Honoring, Helping & Protecting Indian Elders

Published on February 24, 2014 by Amy

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Native American Elder
Native American Elder

According to Native American tradition, leaders should always look seven generations behind and seven generations ahead when making decisions. It’s a way of making sure that our past is always connected to our future.

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What can we learn from the past? As Indian people, we are taught the ways of our people through stories, song and language. We know the value of respecting and honoring our elders and the importance of passing on their wisdom to future generations.

For the past six years, AARP Oklahoma has honored Indian elders in a special program held annually in the fall. The AARP Oklahoma Indian Elder Honors brings together all 39-federally recognized tribes and nations in a spirit of harmony and unity to celebrate the contributions of our elders.

Past honorees have included artists, dancers, language preservationists, ministers, tribal leaders, mothers and fathers. You can nominate an Indian elder to be recognized by AARP at: www.facebook.com/aarpok or by calling 1-866-295-7277 to receive a printed nomination form. Nominees must be living and must be an enrolled member of a federally recognized tribe in Oklahoma. Deadline for nomination is June 30th.

But AARP’s work with Oklahoma’s Native American community is not limited to the past. During my six years as a member of the AARP Oklahoma Executive Council, I have had the chance to work on projects that are planting seeds for the future.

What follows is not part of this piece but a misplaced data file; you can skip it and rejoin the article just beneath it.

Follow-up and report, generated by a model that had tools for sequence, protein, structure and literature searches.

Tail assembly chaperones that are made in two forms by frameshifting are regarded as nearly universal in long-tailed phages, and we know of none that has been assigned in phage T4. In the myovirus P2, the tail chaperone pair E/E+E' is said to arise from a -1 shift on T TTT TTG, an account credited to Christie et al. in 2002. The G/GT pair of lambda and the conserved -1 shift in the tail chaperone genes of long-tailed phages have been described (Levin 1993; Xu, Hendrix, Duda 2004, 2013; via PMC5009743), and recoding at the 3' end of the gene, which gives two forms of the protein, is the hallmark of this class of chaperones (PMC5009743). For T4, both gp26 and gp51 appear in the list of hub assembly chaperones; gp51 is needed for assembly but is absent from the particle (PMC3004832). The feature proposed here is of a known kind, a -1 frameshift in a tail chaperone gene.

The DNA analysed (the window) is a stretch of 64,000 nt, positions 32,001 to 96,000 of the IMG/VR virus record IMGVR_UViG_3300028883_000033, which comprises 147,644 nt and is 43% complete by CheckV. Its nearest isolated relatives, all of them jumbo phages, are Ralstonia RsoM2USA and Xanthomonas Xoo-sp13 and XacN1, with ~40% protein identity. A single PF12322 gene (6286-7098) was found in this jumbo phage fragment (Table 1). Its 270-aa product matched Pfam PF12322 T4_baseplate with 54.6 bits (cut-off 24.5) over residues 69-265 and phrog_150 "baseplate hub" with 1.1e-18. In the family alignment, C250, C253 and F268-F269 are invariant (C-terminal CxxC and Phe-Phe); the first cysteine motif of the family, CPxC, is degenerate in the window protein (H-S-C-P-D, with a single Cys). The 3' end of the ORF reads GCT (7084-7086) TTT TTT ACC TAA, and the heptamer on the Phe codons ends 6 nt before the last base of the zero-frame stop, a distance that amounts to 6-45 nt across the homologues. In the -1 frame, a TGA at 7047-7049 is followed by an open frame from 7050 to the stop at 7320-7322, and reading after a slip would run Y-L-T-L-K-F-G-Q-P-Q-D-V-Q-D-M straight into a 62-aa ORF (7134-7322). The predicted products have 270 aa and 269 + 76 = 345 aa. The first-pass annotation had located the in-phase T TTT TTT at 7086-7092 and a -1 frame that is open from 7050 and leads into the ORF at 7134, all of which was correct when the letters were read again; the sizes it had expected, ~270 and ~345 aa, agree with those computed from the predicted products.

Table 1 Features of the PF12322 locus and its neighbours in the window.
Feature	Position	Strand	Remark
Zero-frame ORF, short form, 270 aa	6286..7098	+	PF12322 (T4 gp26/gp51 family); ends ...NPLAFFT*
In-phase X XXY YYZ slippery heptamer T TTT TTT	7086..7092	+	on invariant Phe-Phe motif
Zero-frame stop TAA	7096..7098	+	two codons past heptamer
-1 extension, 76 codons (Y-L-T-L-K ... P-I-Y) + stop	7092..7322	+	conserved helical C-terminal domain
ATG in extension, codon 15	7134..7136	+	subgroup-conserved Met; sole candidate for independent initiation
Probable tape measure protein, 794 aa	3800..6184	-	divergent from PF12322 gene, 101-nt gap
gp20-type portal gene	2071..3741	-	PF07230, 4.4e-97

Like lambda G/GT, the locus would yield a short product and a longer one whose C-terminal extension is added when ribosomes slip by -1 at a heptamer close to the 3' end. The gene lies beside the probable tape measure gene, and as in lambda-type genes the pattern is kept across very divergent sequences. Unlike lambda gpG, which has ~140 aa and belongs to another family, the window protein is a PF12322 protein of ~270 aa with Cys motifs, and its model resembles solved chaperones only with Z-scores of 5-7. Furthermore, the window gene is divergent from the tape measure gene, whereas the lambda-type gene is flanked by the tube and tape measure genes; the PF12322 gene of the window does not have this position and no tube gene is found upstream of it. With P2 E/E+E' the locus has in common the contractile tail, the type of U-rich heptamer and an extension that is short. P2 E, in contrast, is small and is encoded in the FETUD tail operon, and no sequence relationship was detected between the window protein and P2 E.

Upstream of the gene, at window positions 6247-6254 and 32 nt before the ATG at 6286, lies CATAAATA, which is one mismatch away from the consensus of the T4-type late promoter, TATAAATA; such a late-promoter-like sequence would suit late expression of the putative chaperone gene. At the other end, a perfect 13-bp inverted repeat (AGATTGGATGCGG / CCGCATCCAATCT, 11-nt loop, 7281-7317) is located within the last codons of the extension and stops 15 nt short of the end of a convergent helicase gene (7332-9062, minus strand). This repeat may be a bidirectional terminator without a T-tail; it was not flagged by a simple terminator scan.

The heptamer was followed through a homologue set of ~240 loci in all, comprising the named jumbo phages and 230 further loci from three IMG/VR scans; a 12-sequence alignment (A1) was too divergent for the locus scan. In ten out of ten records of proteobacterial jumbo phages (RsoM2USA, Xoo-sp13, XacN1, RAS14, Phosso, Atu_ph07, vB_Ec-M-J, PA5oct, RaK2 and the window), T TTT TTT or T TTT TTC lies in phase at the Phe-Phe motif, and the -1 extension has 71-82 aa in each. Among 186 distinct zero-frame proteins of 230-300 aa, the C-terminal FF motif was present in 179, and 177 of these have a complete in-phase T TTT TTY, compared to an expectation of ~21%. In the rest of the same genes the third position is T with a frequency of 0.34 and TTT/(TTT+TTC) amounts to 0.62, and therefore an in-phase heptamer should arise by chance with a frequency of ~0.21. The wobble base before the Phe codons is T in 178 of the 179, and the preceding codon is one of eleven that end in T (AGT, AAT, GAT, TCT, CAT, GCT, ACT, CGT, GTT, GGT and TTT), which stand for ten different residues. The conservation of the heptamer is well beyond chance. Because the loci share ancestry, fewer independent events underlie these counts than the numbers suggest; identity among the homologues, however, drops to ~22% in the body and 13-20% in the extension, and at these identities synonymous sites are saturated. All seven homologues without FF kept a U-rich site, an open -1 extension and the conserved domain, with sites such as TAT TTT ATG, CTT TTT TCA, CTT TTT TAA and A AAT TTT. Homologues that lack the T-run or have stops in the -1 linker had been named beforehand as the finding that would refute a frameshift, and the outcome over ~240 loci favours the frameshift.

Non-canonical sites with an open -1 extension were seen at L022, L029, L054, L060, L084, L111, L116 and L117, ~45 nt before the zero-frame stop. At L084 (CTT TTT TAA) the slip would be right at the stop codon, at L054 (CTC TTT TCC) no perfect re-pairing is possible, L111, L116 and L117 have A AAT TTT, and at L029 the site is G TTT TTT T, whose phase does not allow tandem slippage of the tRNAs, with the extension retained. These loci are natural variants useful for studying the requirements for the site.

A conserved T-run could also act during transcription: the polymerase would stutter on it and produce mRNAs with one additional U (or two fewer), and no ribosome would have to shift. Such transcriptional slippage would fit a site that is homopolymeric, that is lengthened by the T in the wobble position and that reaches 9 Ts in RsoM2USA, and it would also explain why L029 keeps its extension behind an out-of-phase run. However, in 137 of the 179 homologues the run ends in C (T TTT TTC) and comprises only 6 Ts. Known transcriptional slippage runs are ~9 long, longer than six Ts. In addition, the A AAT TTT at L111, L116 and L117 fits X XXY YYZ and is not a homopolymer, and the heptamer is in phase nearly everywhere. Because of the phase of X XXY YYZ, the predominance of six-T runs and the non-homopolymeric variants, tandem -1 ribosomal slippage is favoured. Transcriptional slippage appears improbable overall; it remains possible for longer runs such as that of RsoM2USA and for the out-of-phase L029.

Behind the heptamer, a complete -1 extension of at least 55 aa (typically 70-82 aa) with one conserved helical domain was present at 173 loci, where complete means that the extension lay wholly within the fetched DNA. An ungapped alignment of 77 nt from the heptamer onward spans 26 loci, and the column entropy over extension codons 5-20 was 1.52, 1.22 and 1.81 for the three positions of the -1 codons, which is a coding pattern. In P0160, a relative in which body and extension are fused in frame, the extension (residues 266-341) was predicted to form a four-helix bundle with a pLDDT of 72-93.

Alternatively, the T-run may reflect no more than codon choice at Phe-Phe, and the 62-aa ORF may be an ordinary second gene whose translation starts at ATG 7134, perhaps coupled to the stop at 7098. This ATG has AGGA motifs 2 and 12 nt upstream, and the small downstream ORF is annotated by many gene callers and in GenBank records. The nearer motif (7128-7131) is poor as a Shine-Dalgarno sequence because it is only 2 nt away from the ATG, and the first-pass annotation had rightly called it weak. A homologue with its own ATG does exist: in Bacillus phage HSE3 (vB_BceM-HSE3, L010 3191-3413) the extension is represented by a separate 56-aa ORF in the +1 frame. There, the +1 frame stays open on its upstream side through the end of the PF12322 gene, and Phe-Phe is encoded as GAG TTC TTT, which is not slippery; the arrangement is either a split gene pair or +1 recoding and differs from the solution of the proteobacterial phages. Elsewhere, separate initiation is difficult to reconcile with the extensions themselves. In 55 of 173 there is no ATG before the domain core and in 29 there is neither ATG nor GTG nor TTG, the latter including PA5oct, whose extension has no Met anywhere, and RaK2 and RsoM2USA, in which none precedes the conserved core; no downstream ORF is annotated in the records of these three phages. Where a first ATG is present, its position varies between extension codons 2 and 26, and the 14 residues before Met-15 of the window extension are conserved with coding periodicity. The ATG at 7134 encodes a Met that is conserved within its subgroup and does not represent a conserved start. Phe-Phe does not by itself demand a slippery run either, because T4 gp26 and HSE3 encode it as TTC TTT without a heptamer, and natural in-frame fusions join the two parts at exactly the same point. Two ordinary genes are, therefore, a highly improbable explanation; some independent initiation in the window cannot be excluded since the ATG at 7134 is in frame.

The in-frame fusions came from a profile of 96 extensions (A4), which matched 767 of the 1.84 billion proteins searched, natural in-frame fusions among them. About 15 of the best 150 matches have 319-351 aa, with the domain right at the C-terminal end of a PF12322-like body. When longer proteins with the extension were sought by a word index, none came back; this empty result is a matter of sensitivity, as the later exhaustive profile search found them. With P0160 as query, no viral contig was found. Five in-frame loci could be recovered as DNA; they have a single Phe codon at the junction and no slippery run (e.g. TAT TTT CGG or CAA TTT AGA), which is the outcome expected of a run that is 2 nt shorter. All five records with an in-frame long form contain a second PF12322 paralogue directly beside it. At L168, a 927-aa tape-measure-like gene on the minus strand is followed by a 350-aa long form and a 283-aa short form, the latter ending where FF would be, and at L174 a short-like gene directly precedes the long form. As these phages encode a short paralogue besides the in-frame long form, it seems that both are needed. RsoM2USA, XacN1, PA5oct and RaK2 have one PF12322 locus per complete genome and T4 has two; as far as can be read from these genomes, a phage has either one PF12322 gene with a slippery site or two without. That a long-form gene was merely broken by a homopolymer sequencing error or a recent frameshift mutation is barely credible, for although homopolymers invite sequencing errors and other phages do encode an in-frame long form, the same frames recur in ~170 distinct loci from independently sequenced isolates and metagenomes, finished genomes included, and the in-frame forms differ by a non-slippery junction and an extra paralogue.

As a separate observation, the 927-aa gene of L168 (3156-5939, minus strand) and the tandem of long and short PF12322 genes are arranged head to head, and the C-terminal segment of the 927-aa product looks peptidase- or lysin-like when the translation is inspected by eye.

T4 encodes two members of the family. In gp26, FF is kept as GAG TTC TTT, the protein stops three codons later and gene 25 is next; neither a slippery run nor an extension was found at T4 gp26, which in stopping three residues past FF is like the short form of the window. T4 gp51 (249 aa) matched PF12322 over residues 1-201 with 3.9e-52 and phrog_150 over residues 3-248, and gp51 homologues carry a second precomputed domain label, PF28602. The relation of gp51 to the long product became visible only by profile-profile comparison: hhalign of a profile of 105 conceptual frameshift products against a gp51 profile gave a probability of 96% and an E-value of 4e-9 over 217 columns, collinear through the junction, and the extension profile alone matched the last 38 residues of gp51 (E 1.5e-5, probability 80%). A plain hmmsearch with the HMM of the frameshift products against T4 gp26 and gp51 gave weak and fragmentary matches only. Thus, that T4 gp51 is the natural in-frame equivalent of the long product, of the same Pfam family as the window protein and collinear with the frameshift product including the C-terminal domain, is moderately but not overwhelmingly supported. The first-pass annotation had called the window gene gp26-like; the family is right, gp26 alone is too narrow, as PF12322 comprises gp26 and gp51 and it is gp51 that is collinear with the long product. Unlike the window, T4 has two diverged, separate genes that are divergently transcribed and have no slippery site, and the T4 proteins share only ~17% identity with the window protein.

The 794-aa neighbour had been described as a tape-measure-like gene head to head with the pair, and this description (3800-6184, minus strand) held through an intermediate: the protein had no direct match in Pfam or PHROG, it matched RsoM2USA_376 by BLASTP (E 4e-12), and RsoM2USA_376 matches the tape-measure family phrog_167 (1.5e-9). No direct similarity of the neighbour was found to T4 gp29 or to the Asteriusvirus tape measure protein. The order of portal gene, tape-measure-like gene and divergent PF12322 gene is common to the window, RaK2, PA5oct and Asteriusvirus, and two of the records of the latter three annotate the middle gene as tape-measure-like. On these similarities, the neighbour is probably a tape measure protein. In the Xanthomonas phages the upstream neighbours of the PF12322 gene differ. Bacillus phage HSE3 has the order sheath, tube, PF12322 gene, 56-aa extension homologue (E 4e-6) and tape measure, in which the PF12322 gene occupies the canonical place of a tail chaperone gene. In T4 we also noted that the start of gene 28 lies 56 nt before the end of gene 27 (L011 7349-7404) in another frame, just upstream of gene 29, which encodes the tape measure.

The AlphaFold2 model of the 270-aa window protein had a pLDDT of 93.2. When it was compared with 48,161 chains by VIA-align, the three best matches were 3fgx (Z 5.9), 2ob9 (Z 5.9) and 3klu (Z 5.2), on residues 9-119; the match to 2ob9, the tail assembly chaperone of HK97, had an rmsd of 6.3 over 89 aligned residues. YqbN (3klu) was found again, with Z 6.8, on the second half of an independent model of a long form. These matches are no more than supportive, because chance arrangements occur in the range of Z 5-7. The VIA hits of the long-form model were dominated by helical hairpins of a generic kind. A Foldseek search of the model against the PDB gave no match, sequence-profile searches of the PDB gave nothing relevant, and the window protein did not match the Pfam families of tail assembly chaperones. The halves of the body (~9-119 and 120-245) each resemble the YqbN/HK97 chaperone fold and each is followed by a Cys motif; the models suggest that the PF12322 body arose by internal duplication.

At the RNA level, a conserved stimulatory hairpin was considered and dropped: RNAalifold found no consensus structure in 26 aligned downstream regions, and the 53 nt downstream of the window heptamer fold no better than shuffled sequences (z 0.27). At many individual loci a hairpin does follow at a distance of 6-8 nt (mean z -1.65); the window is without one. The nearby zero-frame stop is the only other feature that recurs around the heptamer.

A good example of this seed planting is AARP’s partnership with the Osage, Choctaw, Chickasaw, Muscogee Creek and Cherokee nations, the Oklahoma State Department of Health and the University of Oklahoma Health Science Center to present the 7th Generations Conference April 14-16th in Midwest City.

Native Americans in Oklahoma suffer greater health disparities than most other people in the state. The 7th Generations Conference will focus on improving health access and disparity in Indian Country and caregiving. AARP will also present a healthy cooking demonstration that will offer education on how to break the cycle of unhealthy nutrition among Indian people. World-renowned Chef Loretta Barrett Oden, a member of the Citizen Potawatomi Nation, will present the demonstration.

Finally, I want to encourage my fellow tribal members to consider getting involved with the AARP Oklahoma Inter-Tribal Community Group. We’re working on projects and events – including health, cultural preservation and the Indian Elder Honors – that will help fulfill AARP’s mission in the Native American community: to enhance the quality of life for all as we age.

For more information on the Inter-Tribal Community Group, the 6th Annual AARP Oklahoma Indian Elder Honors or the 7th Generation Conference visit: www.aarp.org/okindiannavigator.

(Dr. John Edwards is former Governor of the Absentee Shawnee Tribe. He has served as a member of AARP Oklahoma’s Executive Council for six years, is a minister and a Peacekeeper in the Chickasaw Nation’s Peacemaking Court.)

Source: osagenation

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}
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